I partnered with ARTICLE22. The words on there - be good - my dad, he signed all his letters home from the Vietnam War with the words be good. Every single one said be good, Steve. That's the purpose I took from my trip, from the Ho Chi Minh Trail, is be good. Interpret that however you want. Hopefully this company will close because they won't have anymore material to work with eventually, because it will be gone. It will all be used. It is taking something devastating and horrible and making it into a beautiful reminder.
The bracelets remind me of the MIA bracelets... missing in action is what MIA is. I think it was the US Postal Service that did a big campaign during the Vietnam War with bracelets. You could wear aluminum bracelets engraved with someone's name who was missing with their rank and the date they went missing. And people would wear these bracelets for strangers. I have had people reach out and be like I wore your dad's bracelet until the day he was found. It was a really amazing program. And these new, sort of happier aluminum bracelets, they kind of remind me of that... To look down at something and have a remembrance... How do you bring back those memories and what you learned somewhere and have it in your life as a daily reminder. And to me the bracelets - you look down, they jingle, you think about what is this made of, who made it, and can we clean up all of it so it's gone.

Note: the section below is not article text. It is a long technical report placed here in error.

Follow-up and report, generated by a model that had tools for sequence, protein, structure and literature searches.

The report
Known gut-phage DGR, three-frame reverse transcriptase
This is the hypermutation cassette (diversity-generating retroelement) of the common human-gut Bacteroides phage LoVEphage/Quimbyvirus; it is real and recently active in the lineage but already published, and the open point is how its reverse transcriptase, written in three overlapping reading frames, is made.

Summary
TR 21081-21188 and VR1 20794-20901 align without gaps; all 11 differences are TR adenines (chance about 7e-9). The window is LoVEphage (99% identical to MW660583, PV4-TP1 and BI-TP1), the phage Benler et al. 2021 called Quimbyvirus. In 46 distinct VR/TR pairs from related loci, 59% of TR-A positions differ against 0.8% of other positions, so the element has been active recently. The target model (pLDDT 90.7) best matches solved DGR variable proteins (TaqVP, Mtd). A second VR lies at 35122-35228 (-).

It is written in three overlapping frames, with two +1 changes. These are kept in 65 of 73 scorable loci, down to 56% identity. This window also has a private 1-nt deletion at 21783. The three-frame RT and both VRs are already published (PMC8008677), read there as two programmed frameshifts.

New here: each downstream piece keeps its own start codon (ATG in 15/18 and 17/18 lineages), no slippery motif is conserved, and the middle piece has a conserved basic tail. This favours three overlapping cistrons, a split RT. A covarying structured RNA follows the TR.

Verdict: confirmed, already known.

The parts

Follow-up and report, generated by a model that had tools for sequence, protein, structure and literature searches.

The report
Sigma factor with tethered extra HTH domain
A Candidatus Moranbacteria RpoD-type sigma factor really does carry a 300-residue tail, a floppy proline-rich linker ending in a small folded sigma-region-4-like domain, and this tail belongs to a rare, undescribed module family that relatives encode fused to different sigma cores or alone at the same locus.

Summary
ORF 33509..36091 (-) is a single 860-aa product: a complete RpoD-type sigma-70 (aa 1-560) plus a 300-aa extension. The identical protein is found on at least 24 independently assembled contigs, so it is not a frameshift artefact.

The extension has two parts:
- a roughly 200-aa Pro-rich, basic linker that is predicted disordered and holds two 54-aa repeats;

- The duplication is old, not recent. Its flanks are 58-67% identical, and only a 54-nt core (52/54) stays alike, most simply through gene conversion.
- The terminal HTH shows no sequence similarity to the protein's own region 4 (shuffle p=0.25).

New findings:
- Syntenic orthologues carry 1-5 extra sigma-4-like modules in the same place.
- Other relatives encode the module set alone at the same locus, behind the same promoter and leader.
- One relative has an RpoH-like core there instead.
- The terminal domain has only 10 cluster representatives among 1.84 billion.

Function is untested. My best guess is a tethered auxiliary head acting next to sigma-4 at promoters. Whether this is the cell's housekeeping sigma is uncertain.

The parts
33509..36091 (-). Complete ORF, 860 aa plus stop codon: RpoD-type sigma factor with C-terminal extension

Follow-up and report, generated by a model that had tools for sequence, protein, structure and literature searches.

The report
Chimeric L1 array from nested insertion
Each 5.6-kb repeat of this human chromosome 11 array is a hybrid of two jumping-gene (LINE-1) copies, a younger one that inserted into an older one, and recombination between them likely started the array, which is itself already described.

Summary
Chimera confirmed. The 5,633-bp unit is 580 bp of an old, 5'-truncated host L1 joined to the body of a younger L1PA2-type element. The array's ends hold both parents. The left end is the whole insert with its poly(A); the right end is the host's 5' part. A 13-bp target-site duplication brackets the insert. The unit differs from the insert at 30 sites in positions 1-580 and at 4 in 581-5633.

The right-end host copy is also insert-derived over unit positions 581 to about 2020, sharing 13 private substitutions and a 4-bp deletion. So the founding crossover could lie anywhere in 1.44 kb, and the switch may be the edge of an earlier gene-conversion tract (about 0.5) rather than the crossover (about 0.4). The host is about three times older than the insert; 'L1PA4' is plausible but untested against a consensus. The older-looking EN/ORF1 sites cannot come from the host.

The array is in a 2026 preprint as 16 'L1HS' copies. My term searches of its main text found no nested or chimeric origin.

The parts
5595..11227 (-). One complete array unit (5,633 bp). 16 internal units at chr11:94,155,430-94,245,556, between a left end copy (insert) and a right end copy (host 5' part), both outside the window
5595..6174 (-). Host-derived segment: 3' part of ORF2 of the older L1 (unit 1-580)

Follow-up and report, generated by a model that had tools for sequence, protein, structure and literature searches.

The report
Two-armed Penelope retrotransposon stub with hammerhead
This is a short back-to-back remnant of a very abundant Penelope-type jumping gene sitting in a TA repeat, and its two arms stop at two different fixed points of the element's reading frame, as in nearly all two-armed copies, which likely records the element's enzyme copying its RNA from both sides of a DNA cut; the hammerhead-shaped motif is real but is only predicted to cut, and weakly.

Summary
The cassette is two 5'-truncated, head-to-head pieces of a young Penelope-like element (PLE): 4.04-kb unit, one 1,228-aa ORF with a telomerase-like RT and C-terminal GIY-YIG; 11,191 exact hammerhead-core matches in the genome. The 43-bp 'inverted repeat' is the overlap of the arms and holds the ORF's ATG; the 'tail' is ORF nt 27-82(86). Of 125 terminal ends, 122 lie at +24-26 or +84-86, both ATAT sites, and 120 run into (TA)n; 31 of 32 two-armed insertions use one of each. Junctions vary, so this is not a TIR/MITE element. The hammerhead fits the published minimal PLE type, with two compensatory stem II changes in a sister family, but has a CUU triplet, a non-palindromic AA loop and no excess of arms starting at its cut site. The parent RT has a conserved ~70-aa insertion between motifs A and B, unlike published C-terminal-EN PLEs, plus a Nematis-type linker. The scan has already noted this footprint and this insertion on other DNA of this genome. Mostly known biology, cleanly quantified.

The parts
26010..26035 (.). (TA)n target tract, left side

Every bracelet clears 12.5 square meters of land in Laos, in my dad's name, through my foundation. I now have a the Be Good Foundation, just became official 501c3. It's been a process but I'm taking my bike, this film, and these bracelets as a way to use my bike to make a difference. That can involve adventures, or bracelets, or movie tours. It's actually super exciting that "my business" has evolved into still feeding my soul with adventuring and cycling, but now this who bigger part of it which is to help people heal by riding a bicycle.
A Bomb's Journey short film by Red Bull
Watch World Champion, Rebecca Rusch, and ARTICLE22 co-founder, Elizabeth Suda, travel to Laos following Rebecca's release of award winning Blood Road film by Red Bull.
Rebecca rides 1,200 miles down the Ho Chi Minh Trail to find her father's crash site - where Captain Rusch's plane went down in Laos during the Vietnam War. After discovering the legacy of war in Laos that left the country with 80 million unexploded bombs, Rebecca is determined to use her bike and her platform to do something about it. She teams up with ARTICLE22 to create the be good bracelet that celebrates Captain Rusch's last words in his last letter home to his family in order to raise funds for MAG (Mines Advisory Group) to clear unexploded bombs to make it safe for Lao to live, farm, and play.